If you are NOT a photographer, you probably have said something like, "I don't know what makes some photographs better than others, but I know when I see one I like."
Well, there are a lot of different factors that go into making a good photographic image, but one of those is the composition -- i.e. where the various elements of the image are placed within the frame of the image. There are various composition "rules" that have been developed over time. These are compositions that we know are pleasing to the eye. One of these is called "The Rule of Thirds."
The Rule of Thirds is fairly simple. If you divide the image into thirds both horizontally and vertically, the most important elements of the image should be placed along those lines. And the most powerful position is where the horizontal and vertical lines intersect.
Every month a group of professional pet photographers, assembling in a Facebook group called "Hair of the Dog," has a photo competition based on a different theme. The Top 10 entries are selected from 100s of entries worldwide. The December theme was "Rule of Thirds" and, as you've probably surmised by now, an image from yours truly was selected as one of the Top 10.
Here's the image, with the imaginary "Rule of Thirds" super-imposed upon it.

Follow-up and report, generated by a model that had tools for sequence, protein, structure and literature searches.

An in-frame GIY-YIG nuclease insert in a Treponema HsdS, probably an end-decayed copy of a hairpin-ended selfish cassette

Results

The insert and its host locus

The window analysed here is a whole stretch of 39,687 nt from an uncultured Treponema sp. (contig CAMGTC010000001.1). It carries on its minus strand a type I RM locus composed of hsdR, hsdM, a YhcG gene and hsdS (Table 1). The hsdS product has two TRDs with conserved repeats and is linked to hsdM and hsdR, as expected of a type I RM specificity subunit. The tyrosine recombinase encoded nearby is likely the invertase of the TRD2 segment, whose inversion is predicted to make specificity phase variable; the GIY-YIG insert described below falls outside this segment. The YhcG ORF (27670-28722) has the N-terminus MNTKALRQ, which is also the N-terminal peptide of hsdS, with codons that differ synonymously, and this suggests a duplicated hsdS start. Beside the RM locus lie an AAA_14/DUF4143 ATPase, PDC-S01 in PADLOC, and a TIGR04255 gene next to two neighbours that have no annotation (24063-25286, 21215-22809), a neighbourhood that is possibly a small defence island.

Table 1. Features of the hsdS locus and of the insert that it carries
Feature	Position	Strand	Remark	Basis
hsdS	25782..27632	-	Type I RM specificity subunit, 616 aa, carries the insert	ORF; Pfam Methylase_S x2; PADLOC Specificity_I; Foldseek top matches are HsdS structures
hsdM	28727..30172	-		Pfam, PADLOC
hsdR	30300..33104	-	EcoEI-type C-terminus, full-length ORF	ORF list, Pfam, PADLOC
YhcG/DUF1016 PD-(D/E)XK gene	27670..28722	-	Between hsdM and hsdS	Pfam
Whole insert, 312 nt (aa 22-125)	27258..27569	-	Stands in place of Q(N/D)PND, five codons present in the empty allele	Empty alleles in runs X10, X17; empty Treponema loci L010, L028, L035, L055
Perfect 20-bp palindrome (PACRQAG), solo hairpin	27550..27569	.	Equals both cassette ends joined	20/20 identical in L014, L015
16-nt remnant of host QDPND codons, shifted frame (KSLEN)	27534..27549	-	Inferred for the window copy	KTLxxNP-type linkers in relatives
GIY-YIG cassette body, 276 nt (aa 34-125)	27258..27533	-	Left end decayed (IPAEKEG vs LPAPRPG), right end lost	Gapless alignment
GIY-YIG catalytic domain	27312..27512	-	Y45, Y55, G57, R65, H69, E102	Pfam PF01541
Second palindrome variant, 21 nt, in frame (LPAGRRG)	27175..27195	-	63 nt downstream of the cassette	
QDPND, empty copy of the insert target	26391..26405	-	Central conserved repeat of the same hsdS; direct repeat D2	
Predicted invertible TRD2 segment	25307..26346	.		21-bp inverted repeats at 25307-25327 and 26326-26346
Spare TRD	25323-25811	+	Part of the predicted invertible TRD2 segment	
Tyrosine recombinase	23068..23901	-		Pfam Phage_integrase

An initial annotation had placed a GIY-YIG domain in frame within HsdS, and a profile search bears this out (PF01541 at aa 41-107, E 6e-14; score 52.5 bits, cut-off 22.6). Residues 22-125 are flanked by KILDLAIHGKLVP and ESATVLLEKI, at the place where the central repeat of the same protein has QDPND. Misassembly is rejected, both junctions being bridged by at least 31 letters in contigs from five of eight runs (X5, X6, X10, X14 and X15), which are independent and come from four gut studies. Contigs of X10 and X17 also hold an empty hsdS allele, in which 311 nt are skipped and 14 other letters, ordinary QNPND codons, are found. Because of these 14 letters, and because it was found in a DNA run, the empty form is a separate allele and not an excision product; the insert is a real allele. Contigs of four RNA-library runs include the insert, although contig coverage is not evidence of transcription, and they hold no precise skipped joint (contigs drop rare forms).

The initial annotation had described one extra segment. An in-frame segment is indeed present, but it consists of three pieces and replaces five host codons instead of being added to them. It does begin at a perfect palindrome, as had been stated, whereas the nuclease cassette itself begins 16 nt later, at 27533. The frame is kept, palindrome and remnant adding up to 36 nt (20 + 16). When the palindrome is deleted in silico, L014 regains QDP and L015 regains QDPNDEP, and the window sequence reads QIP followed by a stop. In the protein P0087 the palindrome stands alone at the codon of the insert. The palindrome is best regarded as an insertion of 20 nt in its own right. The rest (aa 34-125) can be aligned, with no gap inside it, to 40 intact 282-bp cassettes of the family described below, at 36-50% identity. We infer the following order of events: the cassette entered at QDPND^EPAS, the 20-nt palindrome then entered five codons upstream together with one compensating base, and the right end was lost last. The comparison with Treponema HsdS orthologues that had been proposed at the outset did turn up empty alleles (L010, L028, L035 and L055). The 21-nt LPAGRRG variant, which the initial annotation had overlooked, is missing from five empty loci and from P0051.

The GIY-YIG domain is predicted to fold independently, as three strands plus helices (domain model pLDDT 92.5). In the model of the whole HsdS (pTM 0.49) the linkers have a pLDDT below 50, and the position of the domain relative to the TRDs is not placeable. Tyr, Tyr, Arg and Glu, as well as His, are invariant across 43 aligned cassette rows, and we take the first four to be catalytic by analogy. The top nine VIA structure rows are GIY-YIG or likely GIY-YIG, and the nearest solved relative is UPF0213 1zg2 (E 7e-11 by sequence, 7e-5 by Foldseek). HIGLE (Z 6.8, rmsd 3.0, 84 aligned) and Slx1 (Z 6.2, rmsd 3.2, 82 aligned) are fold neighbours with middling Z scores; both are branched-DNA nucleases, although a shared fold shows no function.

As you can see, Griffin is positioned along the line indicating the lefthand third and, most important, his face is at the intersection of the horizontal and vertical lines in the upper left. This makes his face the most powerful element in the image and draws the viewers eye immediately. Now look at the car; it too is positioned along one of these lines but not in as strong a position as Griffin's face. These composition factors really help make this a successful image. Other factors include the "leading lines" (the lines formed by the wall that lead your eye to the subject), the receding clarity (the fog in the background compared to the sharpness of the details in Griffin's face), and something we call "negative space" (the large area in the upper right that has been allowed to be left blank).
When I do a shoot for a client, I'm blocking out all of this in my mind as we shoot. And again, during the selection consultation, I may play with the cropping of an image while explaining to the client why one crop works better than another. This is the sort of expertise and service you'll get from me. And this is what you should expect from any professional photographer you decide to hire.
Lastly, while these "rules" of photography will generally improve an image, any experienced photographer will tell you that there are times when it's best to break the rules. There are simply some images that are so powerful on their own that they shatter the need to follow any rules. The key is to know when you have such an image.